A great piece, but I think you should write on what Scotland offers the UK as well. This shows respect to Scotland’s wonderful participation in our United Kingdom, which I think many Scottish, English and other citizens of the UK will appreciate. I think many people forget that this is why we are united than alone, and part of being in a united relationship is mutual cooperation and everyone playing their part. If we over focus on the benefits for Scotland, then to the Scottish people it may sound condescending, and to the other members it will sound pandering.

    In fact, I think this should an opportunity to show each member of the United kingdom and the British isles offers, economically, culturally …etc

    This should be a chance to really show what the United Kingdom is about, and what Britain is about as a whole, so that we are ensuring to show this about unity, and not just personal gain.

  • Alex Matthews 24th Oct '12 - 10:56am

    PS sorry about my poor English. I am writing this on the fly, and I am also Dyslexic.

  • Is there a settled Lib Dem view about Scottish independence?

    Much is made of the relationship with the EU. In the event of a Yes vote the EU will have to choose whether to recognise the ensuing partition. If the EU recognises the partition , there can be little doubt it would recognise Scotland as a state within the EU, with EU citizens. The only practical alternative would be not to recognise the partition, which would create a host of problems. I do not think the EU would or could pronounce that millions are no longer EU citizens.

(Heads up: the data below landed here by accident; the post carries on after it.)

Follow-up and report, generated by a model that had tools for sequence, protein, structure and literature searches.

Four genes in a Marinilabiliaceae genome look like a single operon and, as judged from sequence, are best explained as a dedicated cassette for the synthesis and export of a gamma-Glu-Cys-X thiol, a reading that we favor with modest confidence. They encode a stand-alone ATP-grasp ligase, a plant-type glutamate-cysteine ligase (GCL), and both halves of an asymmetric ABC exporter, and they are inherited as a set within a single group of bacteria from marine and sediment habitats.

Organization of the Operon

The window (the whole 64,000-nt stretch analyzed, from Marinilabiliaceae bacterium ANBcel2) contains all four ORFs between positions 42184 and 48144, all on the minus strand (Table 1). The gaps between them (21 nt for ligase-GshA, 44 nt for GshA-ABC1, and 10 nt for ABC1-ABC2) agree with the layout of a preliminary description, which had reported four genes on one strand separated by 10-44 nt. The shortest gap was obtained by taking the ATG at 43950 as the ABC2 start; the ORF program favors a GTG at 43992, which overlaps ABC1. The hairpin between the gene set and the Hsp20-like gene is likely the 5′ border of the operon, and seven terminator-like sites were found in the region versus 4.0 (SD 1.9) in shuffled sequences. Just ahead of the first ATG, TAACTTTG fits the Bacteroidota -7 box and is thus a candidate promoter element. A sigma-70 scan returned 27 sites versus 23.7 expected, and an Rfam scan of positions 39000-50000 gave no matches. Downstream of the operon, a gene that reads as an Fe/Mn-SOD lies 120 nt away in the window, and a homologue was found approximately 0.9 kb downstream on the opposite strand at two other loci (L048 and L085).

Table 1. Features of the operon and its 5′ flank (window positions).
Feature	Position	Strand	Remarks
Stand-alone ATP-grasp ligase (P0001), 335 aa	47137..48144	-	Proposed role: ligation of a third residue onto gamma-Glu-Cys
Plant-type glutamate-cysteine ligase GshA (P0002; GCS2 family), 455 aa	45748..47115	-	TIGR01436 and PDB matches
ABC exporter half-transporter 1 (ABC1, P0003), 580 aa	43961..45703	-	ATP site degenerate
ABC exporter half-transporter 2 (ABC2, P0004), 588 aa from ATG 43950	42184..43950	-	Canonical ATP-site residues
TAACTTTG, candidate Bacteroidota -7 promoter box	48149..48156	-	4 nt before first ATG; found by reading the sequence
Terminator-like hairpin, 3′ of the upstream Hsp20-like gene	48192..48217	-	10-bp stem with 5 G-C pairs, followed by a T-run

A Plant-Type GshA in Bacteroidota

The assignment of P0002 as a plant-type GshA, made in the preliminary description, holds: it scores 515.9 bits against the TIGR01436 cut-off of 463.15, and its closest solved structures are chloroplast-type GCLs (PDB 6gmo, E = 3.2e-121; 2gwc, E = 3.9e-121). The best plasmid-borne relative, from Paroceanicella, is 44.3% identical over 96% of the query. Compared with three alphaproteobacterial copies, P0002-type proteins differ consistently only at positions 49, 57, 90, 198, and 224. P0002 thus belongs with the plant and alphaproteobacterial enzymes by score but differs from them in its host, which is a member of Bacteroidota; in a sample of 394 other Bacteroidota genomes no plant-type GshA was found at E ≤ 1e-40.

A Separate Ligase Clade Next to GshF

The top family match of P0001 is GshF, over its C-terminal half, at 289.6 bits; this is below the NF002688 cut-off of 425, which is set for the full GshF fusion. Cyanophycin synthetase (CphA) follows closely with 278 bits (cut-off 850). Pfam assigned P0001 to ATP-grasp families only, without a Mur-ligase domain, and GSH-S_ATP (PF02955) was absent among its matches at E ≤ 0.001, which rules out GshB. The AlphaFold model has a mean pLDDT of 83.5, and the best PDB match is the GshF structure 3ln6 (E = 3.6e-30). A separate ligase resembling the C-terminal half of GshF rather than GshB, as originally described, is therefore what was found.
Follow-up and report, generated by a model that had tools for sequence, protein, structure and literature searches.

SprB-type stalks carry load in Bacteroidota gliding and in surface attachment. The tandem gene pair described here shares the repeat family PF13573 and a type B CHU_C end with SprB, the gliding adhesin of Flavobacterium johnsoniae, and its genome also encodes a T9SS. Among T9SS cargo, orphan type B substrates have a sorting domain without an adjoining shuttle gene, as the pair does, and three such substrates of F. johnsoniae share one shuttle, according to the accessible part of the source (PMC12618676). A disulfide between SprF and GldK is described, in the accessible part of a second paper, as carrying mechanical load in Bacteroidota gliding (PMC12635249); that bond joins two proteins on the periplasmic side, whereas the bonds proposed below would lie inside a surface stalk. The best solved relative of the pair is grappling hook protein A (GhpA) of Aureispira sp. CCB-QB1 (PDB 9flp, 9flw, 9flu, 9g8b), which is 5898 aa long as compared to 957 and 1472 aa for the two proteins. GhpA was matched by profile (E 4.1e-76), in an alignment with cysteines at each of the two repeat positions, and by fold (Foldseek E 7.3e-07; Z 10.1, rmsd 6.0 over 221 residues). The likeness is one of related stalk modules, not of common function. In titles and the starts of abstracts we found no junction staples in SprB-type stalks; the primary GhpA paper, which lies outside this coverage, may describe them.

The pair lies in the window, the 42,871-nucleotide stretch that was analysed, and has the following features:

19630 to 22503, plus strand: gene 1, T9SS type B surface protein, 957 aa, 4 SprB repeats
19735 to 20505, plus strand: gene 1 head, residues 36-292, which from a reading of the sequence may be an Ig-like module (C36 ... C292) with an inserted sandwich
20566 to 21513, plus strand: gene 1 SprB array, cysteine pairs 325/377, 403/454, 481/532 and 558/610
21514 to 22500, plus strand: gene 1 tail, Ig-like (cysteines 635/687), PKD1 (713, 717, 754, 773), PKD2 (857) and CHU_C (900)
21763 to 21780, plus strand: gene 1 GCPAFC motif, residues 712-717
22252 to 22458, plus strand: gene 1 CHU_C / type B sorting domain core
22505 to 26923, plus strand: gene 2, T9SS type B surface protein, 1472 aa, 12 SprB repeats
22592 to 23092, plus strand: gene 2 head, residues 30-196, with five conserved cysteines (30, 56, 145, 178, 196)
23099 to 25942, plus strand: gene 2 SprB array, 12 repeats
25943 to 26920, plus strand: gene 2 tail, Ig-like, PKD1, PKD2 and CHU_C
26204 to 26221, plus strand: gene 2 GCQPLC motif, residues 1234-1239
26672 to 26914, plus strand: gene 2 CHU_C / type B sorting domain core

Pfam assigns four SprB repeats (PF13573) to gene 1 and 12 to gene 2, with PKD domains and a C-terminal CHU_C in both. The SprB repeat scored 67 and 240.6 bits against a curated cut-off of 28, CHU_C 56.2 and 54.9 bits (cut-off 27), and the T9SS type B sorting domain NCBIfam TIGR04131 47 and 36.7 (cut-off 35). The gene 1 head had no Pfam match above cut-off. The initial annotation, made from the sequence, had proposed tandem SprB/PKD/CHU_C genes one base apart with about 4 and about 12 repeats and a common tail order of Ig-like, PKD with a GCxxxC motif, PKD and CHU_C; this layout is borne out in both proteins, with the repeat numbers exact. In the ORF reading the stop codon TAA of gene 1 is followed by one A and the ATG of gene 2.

Given the UK’s difficult and recalcitrant relationship with the EU, on this issue alone, I can see merit in the independence case.

    What is clear to me, is that if the UK were to withdraw from the EU, it would be better for Scotland to become independent before rather than after this happens.

  • WRT the EU, who says the others member states wouldn’t say, “Well, now that the Union is dissolved, both Scotland AND “England” are “new states””?

    After all – for the rest of the EU – they get to remain “neutral” as which State here is more “legitimate” in the event of a post-dissolution row and that may “England” either has to either opt-in again or go its merry way.

    PS I use the phrase “England” to reflect the language used in the Acts of Union 1707 which covered Wales also if I recollect rightly.

  • george anders 27th Oct '12 - 2:12pm

    Reading a recent article in the HeraldScotland relating to the LibDem party conference. The party decided that the YES campaign could not have a stall
    ” Therefore, to deny Yes Scotland the opportunity to disseminate information to conference delegates is a shocking misjudgment and totally contrary to fundamental Liberal Democrat values.”

    Many party members support Independence and many more are undecided. Is general information to be denied to those who wish to see detail as against havingTV sound bites.

    This form of censorship is a new low for the party in my view